— “Water subcabinet” targeting nutrients: Ross has formed a “water subcabinet” to lead policy on major water-related issues. The group, which met earlier this week, includes Bill Northey, USDA undersecretary for Farm and Foreign Agricultural Service. Ross said nutrients, which stem in large part from unregulated agricultural fertilizer runoff, is “one of the things we’re going to go after.”
— Ag lenders’ big test: China's tariffs on U.S. soybeans will negatively impact farmers, but whether they have large impacts on the bankers that lend to soybean farmers depends on whether ag lenders are able to take steps to refinance existing loans or help farmers sell to markets outside of China. If such efforts fail, banks could be looking at increased farm loan delinquencies, American Banker reports.
— Black churches and food security: Black churches are traditionally a community hub — and now, some are taking on food inequity. The Black Church Food Security Network works with black-owned food producers to address a lack of access healthy, fresh, affordable food, which disproportionately impacts black communities. More from Public Radio International here.
— Cargill makes record profits from animal protein: Unlike some of its grain merchant competitors, Cargill also produces meat — the privately owned company is the world's largest ground-beef supplier, and its biggest profit sources include animal feed and selling meat. Cargill reported record earnings, with a 9 percent rise in net profit from fiscal 2017, Financial Times reports.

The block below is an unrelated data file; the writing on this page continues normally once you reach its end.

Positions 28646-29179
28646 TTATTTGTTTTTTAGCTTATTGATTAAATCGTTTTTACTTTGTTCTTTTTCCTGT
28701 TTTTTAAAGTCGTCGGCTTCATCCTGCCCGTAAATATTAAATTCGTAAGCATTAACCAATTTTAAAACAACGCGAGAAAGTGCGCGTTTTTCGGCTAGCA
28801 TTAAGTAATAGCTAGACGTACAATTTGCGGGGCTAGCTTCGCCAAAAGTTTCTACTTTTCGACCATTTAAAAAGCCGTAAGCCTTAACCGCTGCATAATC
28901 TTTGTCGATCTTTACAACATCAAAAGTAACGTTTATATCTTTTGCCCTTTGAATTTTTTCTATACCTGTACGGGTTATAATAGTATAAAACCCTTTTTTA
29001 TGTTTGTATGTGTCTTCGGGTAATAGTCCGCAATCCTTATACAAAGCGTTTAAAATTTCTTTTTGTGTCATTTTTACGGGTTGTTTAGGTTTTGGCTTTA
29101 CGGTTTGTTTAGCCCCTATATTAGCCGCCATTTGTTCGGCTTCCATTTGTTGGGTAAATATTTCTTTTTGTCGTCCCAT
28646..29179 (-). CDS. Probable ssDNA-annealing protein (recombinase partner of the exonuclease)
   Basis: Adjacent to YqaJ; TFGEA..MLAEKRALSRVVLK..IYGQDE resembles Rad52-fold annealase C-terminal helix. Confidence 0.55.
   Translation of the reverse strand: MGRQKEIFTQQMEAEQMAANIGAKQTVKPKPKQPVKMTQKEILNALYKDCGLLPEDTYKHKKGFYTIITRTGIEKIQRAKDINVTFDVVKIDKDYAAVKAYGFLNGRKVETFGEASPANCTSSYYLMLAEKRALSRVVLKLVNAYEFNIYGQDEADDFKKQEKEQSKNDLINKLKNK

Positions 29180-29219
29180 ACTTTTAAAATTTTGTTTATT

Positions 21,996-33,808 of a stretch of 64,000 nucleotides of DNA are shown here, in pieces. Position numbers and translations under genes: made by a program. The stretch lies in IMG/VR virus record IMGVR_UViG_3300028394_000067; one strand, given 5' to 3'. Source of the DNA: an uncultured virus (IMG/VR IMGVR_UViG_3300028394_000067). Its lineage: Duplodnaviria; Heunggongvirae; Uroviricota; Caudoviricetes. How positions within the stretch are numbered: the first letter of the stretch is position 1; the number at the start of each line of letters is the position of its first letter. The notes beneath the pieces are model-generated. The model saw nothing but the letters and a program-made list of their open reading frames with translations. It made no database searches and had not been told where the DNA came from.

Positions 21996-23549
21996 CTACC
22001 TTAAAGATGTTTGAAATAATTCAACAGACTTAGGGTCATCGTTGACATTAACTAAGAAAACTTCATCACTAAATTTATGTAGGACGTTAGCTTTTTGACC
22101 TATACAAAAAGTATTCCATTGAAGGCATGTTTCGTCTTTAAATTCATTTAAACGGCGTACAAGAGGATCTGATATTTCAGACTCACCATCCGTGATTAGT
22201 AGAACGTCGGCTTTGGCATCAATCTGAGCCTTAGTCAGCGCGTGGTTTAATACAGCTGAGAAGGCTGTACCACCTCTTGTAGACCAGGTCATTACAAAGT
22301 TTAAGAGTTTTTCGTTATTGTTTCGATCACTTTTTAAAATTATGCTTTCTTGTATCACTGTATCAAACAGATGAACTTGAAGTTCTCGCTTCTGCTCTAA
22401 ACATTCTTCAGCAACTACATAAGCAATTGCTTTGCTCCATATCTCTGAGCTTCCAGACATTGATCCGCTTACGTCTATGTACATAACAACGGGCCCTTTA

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** A message from the Alliance for Fair Sugar Policy: Over the past year, we have seen an unprecedented groundswell of voices calling on Congress to modernize the U.S. sugar program, including thousands of small businesses, newspaper editorial boards and taxpayer watchdog, consumer protection, and environmental groups. Thank you to our bipartisan group of champions in Congress who have led the fight to modernize the outdated and outrageous U.S. sugar program, including Reps. Virginia Foxx and Danny Davis and Sen. Pat Toomey. We are committed to advocating for the modernization of the 80-year-old U.S. program. It's time for a spoonful of fairness that creates an adequate supply of sugar based on a reasonable competitive approach - all while keeping an appropriate safety net for farmers. To learn more, please visit FairSugarPolicy.org. **